Pets are our best friends and we always want to make sure they’re happy and healthy. But healthcare can be expensive, even for little animals. Pet insurance can make things a lot cheaper, but do all vets accept pet insurance?
Pet insurance is a separate policy you can purchase to cover medical expenses concerning accidents or illnesses your pet experiences. This is not the same as a wellness plan offered by some vet offices. Pet insurance can cover incidents such as:
- Sudden accidents or injuries (getting hit by a car, eating poisonous substances, digesting foreign objects, etc.)
- Illnesses such as allergies, cancer and infections
- Heartworm prevention, vaccinations, flea and tick medication, dental care, cremation, burial and more
You can purchase different plans as well as add additional endorsements. Pet insurance does not usually cover checkups, rabies shots or preexisting conditions. An insurance plan with embedded wellness is the most comprehensive pet insurance policy available. It covers accidents, illnesses, heartworm prevention, vaccinations, dental care and more.
Contrary to popular belief, veterinarians don’t actually accept pet insurance. Pet insurance works differently than most insurances and instead provides reimbursement for pet expenses after medical treatment has already been sought. After you pay the medical bill, you must then file an insurance claim to receive compensation from the insurance company. The downside of this is that you must be able to afford the medical costs up front.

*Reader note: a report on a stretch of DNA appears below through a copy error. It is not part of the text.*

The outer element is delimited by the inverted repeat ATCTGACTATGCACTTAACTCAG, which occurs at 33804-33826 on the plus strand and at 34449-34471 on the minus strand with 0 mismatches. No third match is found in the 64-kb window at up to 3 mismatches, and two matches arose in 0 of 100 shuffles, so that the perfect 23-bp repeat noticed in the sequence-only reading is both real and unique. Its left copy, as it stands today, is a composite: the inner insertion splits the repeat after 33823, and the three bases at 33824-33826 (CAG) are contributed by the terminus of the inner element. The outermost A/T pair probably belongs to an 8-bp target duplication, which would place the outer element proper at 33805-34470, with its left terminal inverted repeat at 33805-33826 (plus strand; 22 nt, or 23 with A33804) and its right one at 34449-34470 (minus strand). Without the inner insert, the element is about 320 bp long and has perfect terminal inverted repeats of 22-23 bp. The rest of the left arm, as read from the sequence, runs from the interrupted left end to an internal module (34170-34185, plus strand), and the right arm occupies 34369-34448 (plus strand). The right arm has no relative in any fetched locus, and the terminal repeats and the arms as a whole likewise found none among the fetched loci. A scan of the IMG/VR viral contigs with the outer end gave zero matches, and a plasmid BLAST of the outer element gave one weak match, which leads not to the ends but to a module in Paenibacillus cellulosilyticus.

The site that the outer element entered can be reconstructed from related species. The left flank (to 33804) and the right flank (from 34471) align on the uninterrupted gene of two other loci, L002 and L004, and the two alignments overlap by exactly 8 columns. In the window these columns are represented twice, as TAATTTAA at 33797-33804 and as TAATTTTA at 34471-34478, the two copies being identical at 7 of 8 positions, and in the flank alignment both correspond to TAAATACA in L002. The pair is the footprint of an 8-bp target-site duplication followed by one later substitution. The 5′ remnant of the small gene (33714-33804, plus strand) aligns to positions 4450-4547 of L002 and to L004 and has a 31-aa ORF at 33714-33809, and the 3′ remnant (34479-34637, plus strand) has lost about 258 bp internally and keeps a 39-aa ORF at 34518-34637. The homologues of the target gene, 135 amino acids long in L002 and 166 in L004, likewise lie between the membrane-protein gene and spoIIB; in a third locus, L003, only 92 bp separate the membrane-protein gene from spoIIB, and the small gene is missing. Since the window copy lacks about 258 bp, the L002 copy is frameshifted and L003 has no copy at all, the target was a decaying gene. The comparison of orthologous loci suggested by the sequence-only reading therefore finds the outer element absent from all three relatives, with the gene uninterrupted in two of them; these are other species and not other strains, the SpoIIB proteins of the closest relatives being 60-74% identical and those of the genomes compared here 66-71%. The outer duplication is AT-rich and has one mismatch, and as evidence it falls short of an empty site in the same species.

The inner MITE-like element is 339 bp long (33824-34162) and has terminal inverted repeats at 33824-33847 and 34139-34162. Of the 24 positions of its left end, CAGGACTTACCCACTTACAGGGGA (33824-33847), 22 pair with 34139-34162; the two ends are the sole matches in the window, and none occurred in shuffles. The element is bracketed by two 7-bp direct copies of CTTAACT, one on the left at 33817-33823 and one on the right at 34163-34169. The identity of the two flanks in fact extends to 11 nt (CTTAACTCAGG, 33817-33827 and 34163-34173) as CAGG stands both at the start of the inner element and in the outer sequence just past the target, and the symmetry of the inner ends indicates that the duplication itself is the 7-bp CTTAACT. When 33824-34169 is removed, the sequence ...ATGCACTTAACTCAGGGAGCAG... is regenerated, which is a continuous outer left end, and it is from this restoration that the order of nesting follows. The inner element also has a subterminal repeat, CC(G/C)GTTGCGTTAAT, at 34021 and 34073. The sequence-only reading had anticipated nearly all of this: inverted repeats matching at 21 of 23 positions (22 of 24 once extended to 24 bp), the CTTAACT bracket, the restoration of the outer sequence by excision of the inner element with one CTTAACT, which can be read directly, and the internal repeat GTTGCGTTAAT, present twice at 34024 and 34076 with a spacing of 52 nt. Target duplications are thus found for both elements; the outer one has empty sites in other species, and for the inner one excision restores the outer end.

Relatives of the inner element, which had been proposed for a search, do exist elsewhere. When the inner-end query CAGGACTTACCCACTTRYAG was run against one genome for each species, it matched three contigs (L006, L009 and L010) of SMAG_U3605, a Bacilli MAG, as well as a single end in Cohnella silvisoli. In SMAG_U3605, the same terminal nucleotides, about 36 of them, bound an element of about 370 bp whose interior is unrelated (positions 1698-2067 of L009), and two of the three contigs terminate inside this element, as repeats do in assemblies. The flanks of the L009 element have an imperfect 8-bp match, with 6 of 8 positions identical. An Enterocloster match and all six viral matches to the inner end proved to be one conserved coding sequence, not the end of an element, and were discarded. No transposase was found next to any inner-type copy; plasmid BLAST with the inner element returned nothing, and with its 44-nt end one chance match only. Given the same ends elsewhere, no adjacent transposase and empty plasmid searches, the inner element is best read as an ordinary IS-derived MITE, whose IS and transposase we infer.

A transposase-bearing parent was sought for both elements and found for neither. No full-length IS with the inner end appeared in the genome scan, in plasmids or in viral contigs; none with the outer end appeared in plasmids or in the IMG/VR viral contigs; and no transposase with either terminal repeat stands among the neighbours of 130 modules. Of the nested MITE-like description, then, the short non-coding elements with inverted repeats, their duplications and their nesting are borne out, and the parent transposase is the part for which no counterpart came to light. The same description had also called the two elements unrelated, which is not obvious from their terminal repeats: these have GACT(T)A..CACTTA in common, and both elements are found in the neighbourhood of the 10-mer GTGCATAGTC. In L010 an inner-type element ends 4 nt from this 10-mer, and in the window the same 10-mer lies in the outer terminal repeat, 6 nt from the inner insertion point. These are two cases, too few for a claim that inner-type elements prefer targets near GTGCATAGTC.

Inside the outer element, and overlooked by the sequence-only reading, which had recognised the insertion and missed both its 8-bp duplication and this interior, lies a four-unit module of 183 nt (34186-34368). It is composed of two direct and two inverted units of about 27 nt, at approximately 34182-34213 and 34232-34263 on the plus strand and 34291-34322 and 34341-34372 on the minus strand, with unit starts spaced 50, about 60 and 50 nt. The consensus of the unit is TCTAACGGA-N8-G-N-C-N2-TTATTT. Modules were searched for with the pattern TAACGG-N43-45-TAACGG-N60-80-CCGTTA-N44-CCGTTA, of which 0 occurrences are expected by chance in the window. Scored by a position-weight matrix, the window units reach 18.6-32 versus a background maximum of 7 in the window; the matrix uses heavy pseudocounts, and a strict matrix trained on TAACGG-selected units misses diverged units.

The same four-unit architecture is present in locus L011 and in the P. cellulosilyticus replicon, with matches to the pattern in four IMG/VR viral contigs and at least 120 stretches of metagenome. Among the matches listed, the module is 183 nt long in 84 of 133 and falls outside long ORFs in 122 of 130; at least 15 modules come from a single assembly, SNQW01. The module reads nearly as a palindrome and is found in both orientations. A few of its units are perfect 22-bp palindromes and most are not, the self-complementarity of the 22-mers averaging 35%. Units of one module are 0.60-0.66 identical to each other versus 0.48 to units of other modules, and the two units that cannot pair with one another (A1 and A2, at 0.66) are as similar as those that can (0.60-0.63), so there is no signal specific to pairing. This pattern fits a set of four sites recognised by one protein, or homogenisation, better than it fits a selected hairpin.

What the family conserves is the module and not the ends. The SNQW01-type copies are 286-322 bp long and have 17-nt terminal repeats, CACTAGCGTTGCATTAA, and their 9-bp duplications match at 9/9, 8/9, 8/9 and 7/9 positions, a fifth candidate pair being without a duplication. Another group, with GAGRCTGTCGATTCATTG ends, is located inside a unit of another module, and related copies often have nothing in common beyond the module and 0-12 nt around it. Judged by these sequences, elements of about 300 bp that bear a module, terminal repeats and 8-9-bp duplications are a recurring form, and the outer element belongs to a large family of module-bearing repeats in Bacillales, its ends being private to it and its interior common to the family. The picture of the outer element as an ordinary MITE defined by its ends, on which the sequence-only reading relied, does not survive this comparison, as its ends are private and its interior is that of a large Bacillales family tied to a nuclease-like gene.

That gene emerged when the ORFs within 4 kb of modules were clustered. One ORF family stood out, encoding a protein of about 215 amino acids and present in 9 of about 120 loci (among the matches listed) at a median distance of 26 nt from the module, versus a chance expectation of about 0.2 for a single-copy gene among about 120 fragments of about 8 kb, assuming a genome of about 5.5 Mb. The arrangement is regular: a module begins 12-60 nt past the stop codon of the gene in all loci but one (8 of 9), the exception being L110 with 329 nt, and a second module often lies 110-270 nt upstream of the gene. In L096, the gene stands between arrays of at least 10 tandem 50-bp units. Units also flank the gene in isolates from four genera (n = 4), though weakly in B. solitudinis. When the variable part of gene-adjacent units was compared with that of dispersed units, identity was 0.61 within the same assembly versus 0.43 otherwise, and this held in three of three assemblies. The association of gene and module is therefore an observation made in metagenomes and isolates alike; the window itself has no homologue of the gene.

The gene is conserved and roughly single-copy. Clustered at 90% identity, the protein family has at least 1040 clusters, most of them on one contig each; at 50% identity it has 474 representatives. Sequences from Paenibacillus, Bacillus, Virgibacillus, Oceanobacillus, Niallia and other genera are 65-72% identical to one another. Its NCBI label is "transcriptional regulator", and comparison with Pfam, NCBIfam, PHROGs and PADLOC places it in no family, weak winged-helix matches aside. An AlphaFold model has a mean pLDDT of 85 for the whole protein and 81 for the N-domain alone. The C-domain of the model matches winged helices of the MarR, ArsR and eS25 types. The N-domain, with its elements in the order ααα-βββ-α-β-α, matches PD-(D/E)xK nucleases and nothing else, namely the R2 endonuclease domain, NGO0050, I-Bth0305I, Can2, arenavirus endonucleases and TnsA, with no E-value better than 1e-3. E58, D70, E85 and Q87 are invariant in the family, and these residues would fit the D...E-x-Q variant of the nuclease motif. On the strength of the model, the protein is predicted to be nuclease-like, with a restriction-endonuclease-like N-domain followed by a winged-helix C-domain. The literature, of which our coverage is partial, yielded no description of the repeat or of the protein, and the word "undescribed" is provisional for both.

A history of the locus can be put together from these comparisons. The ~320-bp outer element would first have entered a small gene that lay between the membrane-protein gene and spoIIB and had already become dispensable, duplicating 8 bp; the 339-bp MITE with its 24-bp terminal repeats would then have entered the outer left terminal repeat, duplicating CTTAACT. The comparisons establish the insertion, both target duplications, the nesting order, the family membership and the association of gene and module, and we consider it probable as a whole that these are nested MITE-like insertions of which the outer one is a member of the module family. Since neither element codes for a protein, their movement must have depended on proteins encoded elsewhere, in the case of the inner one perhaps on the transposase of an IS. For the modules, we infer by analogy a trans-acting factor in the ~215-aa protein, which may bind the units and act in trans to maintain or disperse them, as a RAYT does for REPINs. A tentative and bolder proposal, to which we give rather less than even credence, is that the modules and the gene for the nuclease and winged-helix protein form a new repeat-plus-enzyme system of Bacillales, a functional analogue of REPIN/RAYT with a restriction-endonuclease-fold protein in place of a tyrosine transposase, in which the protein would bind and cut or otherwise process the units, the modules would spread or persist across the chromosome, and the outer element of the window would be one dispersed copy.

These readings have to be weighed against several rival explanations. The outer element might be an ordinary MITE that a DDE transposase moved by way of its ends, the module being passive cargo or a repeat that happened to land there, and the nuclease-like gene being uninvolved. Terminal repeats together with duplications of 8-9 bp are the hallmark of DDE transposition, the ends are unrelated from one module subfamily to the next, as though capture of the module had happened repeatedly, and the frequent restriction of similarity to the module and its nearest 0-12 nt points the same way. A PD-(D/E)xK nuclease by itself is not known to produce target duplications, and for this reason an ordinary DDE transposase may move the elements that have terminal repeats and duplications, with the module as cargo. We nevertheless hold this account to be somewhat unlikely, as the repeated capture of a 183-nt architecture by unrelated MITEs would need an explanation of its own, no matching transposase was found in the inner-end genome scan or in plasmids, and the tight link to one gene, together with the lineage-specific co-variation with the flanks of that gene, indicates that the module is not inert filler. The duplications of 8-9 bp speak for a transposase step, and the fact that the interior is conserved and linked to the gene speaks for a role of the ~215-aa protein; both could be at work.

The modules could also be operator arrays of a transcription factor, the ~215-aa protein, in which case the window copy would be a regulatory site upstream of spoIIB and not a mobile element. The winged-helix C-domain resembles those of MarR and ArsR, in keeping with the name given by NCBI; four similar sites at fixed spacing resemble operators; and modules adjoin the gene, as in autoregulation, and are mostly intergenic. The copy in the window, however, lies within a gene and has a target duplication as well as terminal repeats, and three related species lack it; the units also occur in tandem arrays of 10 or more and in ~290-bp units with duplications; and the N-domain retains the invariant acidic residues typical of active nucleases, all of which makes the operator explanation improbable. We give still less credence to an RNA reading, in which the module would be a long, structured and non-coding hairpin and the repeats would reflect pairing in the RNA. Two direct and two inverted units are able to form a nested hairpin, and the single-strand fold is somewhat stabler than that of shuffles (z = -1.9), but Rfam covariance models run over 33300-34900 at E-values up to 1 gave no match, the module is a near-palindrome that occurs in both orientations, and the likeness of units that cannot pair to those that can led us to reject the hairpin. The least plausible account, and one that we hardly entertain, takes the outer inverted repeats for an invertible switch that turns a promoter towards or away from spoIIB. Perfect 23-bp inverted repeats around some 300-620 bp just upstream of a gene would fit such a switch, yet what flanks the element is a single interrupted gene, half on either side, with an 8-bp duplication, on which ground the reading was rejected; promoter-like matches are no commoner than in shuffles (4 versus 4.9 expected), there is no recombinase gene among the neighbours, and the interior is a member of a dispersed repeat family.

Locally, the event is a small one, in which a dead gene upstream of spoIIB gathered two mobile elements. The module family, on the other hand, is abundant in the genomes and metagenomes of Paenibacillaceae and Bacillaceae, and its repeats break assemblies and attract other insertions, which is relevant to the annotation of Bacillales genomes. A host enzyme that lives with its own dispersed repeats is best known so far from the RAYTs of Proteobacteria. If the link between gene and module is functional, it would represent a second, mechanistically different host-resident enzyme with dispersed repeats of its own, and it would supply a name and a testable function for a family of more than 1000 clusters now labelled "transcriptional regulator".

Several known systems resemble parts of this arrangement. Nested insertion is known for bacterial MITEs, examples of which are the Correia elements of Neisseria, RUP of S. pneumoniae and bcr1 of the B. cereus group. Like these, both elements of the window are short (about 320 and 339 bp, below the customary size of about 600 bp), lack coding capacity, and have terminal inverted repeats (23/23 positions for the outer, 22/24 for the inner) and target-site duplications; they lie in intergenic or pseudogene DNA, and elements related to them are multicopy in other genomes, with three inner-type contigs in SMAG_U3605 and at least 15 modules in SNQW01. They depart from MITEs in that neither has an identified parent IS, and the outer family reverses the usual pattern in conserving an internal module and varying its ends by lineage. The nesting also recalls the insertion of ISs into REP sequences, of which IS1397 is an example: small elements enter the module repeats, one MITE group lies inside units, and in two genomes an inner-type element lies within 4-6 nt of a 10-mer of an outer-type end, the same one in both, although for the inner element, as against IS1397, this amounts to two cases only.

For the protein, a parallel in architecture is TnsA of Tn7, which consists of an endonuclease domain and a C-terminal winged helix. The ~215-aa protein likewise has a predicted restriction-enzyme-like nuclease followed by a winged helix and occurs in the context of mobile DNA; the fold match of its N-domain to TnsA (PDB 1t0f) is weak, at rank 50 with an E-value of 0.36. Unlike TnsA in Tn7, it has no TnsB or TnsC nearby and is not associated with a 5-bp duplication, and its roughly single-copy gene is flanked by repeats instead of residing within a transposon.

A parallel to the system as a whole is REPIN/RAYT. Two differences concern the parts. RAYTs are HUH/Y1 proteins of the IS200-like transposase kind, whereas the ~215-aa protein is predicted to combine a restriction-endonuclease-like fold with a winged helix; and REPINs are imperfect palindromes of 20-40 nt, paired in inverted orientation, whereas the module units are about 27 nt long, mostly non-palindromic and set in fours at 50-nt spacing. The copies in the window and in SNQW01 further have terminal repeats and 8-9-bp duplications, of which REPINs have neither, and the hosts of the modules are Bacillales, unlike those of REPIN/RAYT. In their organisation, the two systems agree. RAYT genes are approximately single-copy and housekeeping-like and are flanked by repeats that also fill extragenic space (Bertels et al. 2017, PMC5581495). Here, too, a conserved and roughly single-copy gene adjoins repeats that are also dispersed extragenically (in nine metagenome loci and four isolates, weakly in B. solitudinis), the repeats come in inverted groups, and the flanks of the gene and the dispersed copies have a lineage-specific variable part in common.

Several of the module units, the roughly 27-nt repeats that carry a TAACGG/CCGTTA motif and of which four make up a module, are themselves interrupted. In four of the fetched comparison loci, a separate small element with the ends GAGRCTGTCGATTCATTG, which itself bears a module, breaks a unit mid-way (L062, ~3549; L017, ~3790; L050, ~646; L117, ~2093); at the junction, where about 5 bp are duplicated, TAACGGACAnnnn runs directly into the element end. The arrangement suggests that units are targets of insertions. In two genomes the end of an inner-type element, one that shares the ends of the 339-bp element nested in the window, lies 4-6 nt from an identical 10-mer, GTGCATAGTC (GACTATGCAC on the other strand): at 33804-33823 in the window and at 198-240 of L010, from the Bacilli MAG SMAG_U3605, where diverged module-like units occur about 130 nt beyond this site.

Thankfully, pet insurance is generally inexpensive. The average cost of pet insurance is between $30-$50 a month, though some premiums are as low as $10 a month. Deductibles are usually $500, but you may be able to pay a higher deductible for smaller monthly premiums. Pet insurance is typically more expensive for dogs than for cats due to the likelihood of accidents and injuries being higher in dogs. Other influences on your pet insurance premiums include the pet’s age, breed, location and the policy limits. Accident-only coverage tends to be much less expensive than accident and illness coverage, although this leaves you open to expenses if you discover that your pet has cancer or other illness.
Medical costs are expensive and dealing with a sick pet is stressful enough without worrying about whether or not you can afford the care they need. If you need to file a pet insurance claim, be sure to get medical records from your vet’s office as proof of the care provided.
Also Read: Will Auto Insurance Cover Damage from an Animal Collision